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Debate: Is Obama's Iran Deal Good for America?

Michael Doran

It’s been 70 years since a nuclear bomb was used in war, but in spite of that passage of time, it still has a great deal of relevance as a strategic construct even if they are unlikely to ever be used. Countries that possess nuclear weapons can pursue a more aggressive projection of power and a more aggressive foreign policy than they might be able to do otherwise.

Critics fear that a recent deal between the U.S. and Iran on nuclear weapons does not go far enough and, instead of being a benefit, would strengthen Iran’s hand in the Middle East. Is this agreement a “once-in-a-lifetime opportunity” to halt nuclear proliferation, or does President Obama have this wrong?

Before the debate, 37 percent of the audience at the Kaufman Music Center in New York voted in favor of the motion, while 19 percent were opposed and 44 percent were undecided. After the event, 50 percent agreed with the motion and 43 percent disagreed, and 7 percent were undecided, making the team arguing against the president’s deal the winners of the debate.

THOSE DEBATING

For The Motion

Philip Gordon is a senior fellow at the Council on Foreign Relations in Washington, D.C. From 2013 to 2015, he was special assistant to the president and White House coordinator for the Middle East, North Africa, and the Gulf Region. As the most senior White House official focused on the greater Middle East, Gordon worked closely with President Obama and his national security team on the full range of regional issues, including the U.S. relationship with Israel, Middle East peace, the conflicts in Syria and Iraq, the democratic transitions in North Africa, and U.S. relations with the Gulf States. He played a central role in developing all aspects of the U.S. approach to the Iranian nuclear program. From 2009 to 2013, Gordon served as assistant secretary of state for European and Eurasian Affairs. Previously, he held positions at the Brookings Institution, the National Security Council, and the International Institute for Strategic Studies.

Thomas Pickering is vice chairman of Hills & Company, an international consulting firm providing advice to U.S. businesses on investment, trade, and risk assessment issues abroad, particularly in emerging market economies. He retired in 2006 as senior vice president of international relations for Boeing Company, where he was responsible for relations with foreign governments and the company’s globalization. He has had a career spanning five decades as a U.S. diplomat, serving as under secretary of state for political affairs, ambassador to the U.N., and ambassador to Russia, India, Israel, Nigeria, Jordan, and El Salvador. He holds the personal rank of Career Ambassador, the highest in the U.S. Foreign Service. He has held numerous other positions at the State Department, including executive secretary and special assistant to Secretaries Rogers and Kissinger and assistant secretary for the bureau of oceans, environmental and scientific affairs. Pickering is a member of the International Institute of Strategic Studies and the Council on Foreign Relations.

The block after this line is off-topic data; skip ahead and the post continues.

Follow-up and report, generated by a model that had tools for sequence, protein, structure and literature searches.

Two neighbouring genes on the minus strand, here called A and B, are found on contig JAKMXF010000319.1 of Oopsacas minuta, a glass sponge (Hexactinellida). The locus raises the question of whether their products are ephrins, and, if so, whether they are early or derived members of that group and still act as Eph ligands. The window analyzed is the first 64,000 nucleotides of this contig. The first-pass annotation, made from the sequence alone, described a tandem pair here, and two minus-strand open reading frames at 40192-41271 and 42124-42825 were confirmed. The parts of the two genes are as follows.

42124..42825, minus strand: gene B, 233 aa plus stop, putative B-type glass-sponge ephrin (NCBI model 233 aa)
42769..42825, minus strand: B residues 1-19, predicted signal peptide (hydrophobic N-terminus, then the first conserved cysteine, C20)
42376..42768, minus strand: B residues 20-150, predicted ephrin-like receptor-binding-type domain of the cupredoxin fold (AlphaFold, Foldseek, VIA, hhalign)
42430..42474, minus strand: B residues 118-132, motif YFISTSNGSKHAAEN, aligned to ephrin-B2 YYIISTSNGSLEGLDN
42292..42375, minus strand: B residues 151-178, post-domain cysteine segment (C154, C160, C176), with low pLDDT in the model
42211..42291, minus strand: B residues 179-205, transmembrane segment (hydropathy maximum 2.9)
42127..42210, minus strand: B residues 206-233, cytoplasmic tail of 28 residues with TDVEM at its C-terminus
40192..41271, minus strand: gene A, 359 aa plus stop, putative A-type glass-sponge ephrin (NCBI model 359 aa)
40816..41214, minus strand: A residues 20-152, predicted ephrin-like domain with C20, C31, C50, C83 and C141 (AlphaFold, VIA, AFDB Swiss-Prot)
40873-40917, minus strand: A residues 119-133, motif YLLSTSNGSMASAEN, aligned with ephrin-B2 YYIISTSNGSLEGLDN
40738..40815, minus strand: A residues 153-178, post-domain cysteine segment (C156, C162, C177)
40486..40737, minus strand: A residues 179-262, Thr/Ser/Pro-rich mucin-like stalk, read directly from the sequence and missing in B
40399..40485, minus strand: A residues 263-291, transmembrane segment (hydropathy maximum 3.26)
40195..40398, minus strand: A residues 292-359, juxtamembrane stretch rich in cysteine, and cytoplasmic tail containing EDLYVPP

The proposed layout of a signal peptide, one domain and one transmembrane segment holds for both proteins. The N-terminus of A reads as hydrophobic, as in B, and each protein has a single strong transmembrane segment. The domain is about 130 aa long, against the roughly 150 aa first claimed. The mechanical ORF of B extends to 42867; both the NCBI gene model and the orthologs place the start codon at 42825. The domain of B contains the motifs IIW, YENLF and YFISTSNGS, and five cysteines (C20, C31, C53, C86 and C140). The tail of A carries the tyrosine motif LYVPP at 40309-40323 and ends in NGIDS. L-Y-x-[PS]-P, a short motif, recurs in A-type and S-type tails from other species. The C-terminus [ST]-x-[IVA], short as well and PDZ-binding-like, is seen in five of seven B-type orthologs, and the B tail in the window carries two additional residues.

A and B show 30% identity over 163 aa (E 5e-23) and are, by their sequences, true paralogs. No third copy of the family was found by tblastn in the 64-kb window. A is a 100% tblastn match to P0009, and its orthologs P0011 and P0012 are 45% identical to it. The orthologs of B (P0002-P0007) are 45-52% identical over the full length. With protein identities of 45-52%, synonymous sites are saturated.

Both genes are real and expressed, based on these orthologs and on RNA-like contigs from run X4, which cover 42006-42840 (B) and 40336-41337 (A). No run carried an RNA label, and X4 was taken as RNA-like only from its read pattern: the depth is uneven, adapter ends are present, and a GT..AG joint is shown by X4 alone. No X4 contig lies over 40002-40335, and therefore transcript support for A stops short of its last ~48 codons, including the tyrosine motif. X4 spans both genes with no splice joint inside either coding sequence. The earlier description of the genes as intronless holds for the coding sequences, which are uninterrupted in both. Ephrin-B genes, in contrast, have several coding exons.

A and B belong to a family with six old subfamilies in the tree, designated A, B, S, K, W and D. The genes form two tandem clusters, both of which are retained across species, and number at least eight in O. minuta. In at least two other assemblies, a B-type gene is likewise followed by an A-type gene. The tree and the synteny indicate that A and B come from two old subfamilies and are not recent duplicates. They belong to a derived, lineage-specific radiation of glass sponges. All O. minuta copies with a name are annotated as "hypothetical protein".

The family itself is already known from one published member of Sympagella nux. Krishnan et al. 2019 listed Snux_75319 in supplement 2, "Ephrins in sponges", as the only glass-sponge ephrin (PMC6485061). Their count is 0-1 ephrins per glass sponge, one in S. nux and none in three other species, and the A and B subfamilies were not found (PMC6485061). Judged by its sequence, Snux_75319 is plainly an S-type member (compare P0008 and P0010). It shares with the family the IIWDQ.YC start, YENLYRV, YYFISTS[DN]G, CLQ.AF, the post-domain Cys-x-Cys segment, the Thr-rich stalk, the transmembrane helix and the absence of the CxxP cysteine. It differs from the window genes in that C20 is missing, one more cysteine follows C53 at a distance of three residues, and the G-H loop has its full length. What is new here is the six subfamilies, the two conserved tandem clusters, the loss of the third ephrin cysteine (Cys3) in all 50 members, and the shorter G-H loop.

Against The Motion

Michael Doran is a senior fellow at the Hudson Institute, where he specializes in Middle East security issues. He served as senior adviser to the undersecretary for public diplomacy and public affairs in the State Department, and prior to that, held an appointment at the Pentagon as the deputy assistant secretary of defense for support to public diplomacy, and at the National Security Council as the senior director for the Near East and North Africa. At the White House, Doran helped devise and coordinate national strategies on a variety of Middle East issues, including Arab-Israeli relations and the containment of Iran. A former senior fellow at the Brookings Institution, he has held several academic positions, teaching in the history department at the University of Central Florida, the department of Near Eastern Studies at Princeton University, and at New York University’s Wagner School of Public Service.

Mark Dubowitz is executive director of the Foundation for Defense of Democracies, a Washington, D.C.-based nonpartisan policy institute, where he leads projects on Iran, sanctions, and nonproliferation. He is an expert on sanctions and has testified before Congress and advised the U.S. administration, Congress, and numerous foreign governments on Iran. He heads FDD’s Center on Sanctions and Illicit Finance and is the co-author of 15 studies on economic sanctions against Iran. He also is co-chairman of the Project on U.S. Middle East Nonproliferation Strategy. Dubowitz is a lecturer and senior research fellow at the Munk School of Global Affairs at the University of Toronto, where he teaches and conducts research on international negotiations, sanctions, and Iran’s nuclear program. He has written for The New York Times, The Wall Street Journal, The Washington Post, Foreign Policy, and many other outlets, and has appeared on CBS Evening News, CNN, Fox News, NPR, PBS, BBC and CBC.

Click here to listen to the debate.

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